October 3, 2006
The Honorable Condoleezza Rice
Secretary of State
U.S. Department of State
2201 C Street, N.W.
Washington, D.C. 20520
Dear Secretary Rice:
We, the Middle East Studies Association of North America's Committee on Academic Freedom, are writing to express our grave concern and dismay over the Department of State's denial of a visa for a second time to a world-renowned scholar of Islam, Professor Tareq Ramadan. It is apparent that this decision was made on purely political grounds, in clear violation of the principles of academic freedom and free speech, both of which are critical to the functioning of a healthy democracy. We urge you in the strongest terms to review and reverse this decision without delay.
The Middle East Studies Association of North America (MESA) was founded in 1966 to promote scholarship and teaching on the Middle East and North Africa. The preeminent organization in the field, the Association publishes the International Journal of Middle East Studies and has more than 2600 members worldwide. MESA is committed to ensuring academic freedom and freedom of expression, both within the region and in connection with the study of the region in North America and elsewhere.
On August 30, 2004, we wrote asking for clarification regarding the Department of State's then-recent decision to revoke the visa Dr. Ramadan had already been granted so that he could take the prestigious Luce Chair at the University o Notre Dame. As specialists in the region familiar with Ramadan's record, we stated that there was absolutely no evidence for the allegations then circulating in some media outlets claiming that Dr. Ramadan had advocated violence or had been associated with groups that perpetrate violence. On the contrary, numerous reputable scholars from prestigious universities had testified to his academic credentials and his character as a researcher and teacher.
In response, in a letter dated 3 September and addressed to MESA's Executive Director, Dr. Amy Newhall, the State Department stated that the visa had been revoked "prudentially based on information that became available after the visa was issued" and that "Due to the confidentiality of visa records, as provided for in the Immigration and Nationality Act, [the Department of State] was not able to provide any details concerning this matter."
Following the June 2006 ruling by a federal court which ordered the State Department either to grant the visa to Dr. Ramadan or provide an explanation for not doing so, Department spokeswoman Janelle Hironimus stated that Dr. Ramadan was denied a visa "for providing material support to a terrorist organization." This charge is apparently based on the fact that he made donations between 2000 and 2004 in the amount of 600 euros to French and Swiss organizations that provide humanitarian aid to the Palestinians – donations which Dr. Ramadan himself disclosed in his visa application. Thus, in denying him a visa, the US government is apparently using Section 411(a)(1)(A)(iii) of the Patriot Act, related to excluding individuals believed to have provided "material support" for terrorism.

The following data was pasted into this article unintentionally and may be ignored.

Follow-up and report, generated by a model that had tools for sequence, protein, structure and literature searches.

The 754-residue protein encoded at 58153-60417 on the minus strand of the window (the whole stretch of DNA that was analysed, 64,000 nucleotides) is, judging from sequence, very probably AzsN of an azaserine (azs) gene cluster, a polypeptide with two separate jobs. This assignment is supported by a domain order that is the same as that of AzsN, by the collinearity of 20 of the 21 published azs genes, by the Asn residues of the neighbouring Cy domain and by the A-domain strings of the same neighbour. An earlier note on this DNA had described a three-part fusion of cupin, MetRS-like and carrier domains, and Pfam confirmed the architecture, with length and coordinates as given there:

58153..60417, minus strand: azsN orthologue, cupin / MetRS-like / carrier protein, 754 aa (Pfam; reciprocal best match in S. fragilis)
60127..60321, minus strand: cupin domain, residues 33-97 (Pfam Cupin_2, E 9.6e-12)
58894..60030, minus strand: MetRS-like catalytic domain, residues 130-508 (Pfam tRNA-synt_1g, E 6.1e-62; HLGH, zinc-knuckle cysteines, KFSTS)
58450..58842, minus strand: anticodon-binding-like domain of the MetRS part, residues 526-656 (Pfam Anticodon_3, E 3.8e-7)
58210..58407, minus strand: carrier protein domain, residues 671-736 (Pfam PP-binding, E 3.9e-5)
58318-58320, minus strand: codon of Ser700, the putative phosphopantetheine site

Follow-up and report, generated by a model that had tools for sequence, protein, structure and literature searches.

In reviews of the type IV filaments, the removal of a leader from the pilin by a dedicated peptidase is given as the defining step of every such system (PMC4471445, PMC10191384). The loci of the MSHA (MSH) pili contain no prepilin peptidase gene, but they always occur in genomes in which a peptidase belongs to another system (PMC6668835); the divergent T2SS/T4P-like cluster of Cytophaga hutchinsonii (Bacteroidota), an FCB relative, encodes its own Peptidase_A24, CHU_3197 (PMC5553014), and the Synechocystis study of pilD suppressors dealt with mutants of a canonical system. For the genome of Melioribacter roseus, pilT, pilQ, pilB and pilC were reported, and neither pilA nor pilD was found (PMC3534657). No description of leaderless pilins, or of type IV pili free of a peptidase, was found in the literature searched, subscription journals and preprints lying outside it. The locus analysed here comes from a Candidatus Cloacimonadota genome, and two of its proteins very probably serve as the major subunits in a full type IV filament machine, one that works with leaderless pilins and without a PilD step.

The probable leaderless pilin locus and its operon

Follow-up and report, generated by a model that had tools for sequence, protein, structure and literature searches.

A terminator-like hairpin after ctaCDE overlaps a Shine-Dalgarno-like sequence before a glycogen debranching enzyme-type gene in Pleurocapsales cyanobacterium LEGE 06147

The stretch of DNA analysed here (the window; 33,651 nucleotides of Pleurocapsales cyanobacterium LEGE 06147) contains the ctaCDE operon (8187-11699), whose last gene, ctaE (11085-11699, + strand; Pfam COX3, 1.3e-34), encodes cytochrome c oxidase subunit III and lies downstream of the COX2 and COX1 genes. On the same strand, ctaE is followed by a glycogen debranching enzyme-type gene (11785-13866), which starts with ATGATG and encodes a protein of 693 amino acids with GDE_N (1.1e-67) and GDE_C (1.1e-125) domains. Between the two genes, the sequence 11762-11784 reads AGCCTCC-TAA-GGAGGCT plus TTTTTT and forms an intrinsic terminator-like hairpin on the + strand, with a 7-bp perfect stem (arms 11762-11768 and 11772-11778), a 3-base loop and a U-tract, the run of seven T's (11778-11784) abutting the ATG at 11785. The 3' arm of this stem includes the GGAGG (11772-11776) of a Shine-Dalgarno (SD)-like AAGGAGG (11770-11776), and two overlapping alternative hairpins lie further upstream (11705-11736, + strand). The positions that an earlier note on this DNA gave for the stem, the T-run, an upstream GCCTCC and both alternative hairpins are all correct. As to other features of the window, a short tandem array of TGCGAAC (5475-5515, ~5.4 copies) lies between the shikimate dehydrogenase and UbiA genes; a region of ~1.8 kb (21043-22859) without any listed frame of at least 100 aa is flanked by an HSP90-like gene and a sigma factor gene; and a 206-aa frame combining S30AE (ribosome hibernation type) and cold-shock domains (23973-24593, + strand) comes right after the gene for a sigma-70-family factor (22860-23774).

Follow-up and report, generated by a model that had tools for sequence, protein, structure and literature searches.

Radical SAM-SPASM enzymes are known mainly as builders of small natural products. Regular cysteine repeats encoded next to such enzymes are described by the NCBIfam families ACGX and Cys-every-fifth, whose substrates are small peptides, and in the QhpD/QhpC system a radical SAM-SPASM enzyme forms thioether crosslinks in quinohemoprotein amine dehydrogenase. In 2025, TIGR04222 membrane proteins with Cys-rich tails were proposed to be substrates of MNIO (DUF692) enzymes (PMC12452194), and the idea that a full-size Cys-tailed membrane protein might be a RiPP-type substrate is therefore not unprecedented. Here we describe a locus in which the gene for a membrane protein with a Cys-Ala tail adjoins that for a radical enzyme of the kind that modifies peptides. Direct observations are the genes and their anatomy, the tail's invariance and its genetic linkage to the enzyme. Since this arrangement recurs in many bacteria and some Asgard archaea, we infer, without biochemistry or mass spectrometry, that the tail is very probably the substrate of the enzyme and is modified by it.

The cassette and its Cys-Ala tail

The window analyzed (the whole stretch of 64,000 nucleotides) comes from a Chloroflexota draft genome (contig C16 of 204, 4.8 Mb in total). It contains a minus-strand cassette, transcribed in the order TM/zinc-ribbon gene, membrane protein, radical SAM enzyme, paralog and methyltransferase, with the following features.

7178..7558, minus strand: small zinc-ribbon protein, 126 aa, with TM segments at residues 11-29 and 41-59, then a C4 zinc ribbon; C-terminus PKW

That contributions to European organizations seeking to provide humanitarian aid to Palestinians living under Israeli occupation is viewed by the US government as constituting support for terrorism, already speaks volumes about the administration's lack of understanding of the region and the quality of its stated concern to promote freedom and democracy in the Middle East. It is also unreasonable to expect that Dr. Ramadan should have had advance knowledge that the United States would at a future date put the organization to which he was contributing on its list of groups supporting Hamas; it figured on no such list at the time he made his donations.
Dr. Ramadan is a leading scholar and public intellectual whose writings and statements make clear his opposition to violence and terrorism. Indeed, the basic concern that motivates much of his work is one of reconciliation and interfaith coexistence. It seems clear that Dr. Ramadan's charitable contributions in fact have nothing at all to do with the visa denial: its origins lie elsewhere. By his own account of the visa interviews conducted at the US embassy in Switzerland, the focus of the questioning was his positions on Palestine and Iraq. On these questions, like many others, Muslims and non-Muslims, Americans and non-Americans, scholars, intellectuals, and average citizens, Tareq Ramadan has been a critic of US policy in Palestine/Israel and Iraq. It appears that this visa denial has nothing whatsoever to do with his donations, but instead is punishment for his political views.
As we stated in our letter of 2004, "denying qualified scholars entry to the United States because of their political beliefs strikes at the core of academic freedom. On that basis alone, the decision to deny Dr. Ramadan access to our country is unacceptable." We also find the decision profoundly counter-productive to the stated aims of US policy, which is to develop a better understanding of Muslims and the Muslim world. It is clearly in US interests to encourage dialogue and exchange with Muslims, particularly prominent and highly regarded members of Muslim communities who do not espouse violence, regardless of what their positions on US foreign policy may be. How does it serve the interests of the United States, which is currently seeking to improve its ties with and image in the Arab/Islamic world, to exclude from entry one of that world's most highly regarded thinkers and scholars?
We are deeply troubled by this second denial of a visa to Dr. Ramadan. It is a clear violation of academic freedom and of the principle of free speech. We respectfully request that you review and reverse this decision without delay.
Juan R.I. Cole